Holy trinity

Portland’s barbecue destination, Holy Trinity, closes this month

Kyle Rensmeyer wasn’t a household name in the barbecue scene when he opened Holy Trinity in 2019. The Dallas native had moved to Portland in 2014 with no professional cooking experience, but he had one goal: to bring a true Texas-style barbecue in Portland. He started with a pop-up concept, Q PDX, selling barbecues through Instagram. In the spring of 2019, the Holy Trinity Food Cart opened on Southeastern Powell in largely abandoned land. It was named after the three staples Rensmeyer would always sell: smoked and spicy sausages; fine ribs with pink hues; and an incredible 14 hour smoked brisket. Joined by side dishes and special dishes, the holy trinity of meat quickly made the food cart a Portland hotspot. Holy Trinity landed on Eater Portland’s essential eatery list shortly after her first birthday, and Texas monthly barbecue editor Daniel Vaughn called the cart “one of many impressive barbecue operations in a city that may have the best Texan-style programming in the country outside of Lone Star State.” Unfortunately, after two and a half years, Rensmeyer will serve his last breast on Saturday, October 23.

Rensmeyer posted the news on Instagram Wednesday night, writing that if it wasn’t the week of the 23rd, it would be the following week, or the week after. He explained that it only took two weeks of poor sales to weaken the business to the point where it couldn’t reasonably get through the winter. “There is no foreseeable future where we will spend the winter,” he wrote.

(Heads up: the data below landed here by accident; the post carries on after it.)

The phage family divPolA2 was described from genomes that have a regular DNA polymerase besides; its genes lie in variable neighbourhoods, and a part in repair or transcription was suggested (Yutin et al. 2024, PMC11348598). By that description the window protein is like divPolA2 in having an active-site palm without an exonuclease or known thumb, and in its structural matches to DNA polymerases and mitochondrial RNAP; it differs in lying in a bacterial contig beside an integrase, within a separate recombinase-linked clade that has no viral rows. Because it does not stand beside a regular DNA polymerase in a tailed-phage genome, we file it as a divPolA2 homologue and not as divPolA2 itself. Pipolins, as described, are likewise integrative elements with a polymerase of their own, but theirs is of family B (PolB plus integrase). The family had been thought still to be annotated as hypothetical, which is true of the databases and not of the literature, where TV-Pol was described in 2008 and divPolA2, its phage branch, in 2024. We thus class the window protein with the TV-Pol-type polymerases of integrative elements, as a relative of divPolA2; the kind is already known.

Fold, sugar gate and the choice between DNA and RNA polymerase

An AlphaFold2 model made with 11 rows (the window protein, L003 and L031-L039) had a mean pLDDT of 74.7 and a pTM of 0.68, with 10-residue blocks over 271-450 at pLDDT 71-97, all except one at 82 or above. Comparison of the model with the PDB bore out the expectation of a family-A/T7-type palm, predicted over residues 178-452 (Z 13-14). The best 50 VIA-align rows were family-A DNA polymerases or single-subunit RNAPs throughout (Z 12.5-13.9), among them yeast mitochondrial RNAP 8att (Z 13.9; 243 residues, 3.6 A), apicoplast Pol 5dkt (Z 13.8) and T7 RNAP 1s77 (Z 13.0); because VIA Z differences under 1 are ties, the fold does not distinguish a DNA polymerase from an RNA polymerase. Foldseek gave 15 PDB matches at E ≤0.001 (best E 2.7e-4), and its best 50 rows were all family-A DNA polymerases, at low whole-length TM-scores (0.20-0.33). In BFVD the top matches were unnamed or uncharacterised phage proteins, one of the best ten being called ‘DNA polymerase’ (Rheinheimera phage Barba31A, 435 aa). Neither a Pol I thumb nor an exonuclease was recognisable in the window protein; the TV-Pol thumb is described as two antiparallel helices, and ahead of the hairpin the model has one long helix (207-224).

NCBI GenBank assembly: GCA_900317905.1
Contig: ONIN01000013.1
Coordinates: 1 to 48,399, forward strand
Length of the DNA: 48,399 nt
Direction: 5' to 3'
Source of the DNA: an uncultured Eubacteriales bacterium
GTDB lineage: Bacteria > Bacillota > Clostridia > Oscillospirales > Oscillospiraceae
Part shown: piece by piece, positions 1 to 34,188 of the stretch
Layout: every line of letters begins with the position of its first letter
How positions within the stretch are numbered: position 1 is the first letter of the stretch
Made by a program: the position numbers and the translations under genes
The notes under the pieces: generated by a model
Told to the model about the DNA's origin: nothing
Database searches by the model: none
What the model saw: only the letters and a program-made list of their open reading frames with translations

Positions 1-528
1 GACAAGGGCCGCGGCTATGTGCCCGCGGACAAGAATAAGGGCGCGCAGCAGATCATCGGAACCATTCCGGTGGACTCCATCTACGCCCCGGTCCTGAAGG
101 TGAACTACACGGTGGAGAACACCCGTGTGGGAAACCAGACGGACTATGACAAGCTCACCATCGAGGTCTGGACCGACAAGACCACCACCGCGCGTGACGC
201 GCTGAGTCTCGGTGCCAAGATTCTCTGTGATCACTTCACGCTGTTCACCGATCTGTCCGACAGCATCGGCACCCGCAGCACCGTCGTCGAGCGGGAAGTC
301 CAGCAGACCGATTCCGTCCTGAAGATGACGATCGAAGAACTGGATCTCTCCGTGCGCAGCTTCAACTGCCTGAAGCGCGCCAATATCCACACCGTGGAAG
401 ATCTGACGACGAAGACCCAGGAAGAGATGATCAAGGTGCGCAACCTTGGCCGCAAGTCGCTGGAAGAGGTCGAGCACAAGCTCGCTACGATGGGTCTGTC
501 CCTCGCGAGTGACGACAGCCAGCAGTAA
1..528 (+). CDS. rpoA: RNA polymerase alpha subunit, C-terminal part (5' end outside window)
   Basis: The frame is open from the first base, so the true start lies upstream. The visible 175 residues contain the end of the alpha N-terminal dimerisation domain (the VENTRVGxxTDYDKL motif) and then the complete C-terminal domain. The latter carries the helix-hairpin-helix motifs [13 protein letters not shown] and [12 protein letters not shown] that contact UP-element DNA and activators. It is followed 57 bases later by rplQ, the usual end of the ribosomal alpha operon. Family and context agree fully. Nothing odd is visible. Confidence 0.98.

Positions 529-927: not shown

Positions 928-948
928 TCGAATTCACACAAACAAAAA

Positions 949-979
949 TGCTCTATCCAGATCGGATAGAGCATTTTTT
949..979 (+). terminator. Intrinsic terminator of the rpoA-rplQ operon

COVID-19 – and the safety precautions state and local governments have in place to deal with it – has hit food carts differently than brick and mortar. Some flexibility, a lack of reliance on dining rooms, pre-existing take-out programs, and (often) lower rents generally meant food carts were more adaptable – at least in 2020. 2021 saw winter freezing storms that shut down restaurants across the city, and the devastating summer heatwave was particularly destructive to forklifts, shattering equipment and endangering the lives of workers. Break-ins and break-ins have become almost regular news. And carts like Holy Trinity – which rely primarily on meat sales – have faced meat shortages and rising prices since the start of the pandemic. Rensmeyer maintained transparency on his social media about the need to raise prices, but that was too much. “It became evident that our location, coupled with the increased costs on our side, caused our demise,” the post explains. Rensmeyer declined to comment beyond the Instagram statement.

Diners will have until October 23 to stop, support the cart and taste some of its incredible smoked meats. And in his post, Rensmeyer asked people to support their favorite carts and restaurants as well. “If you like a business, go support them to the highest point,” he wrote. “And tell your friends. It makes a difference. Maybe the difference between you eating their food again and the last time.

Holy Trinity [Official]
Holy Trinity [Instagram]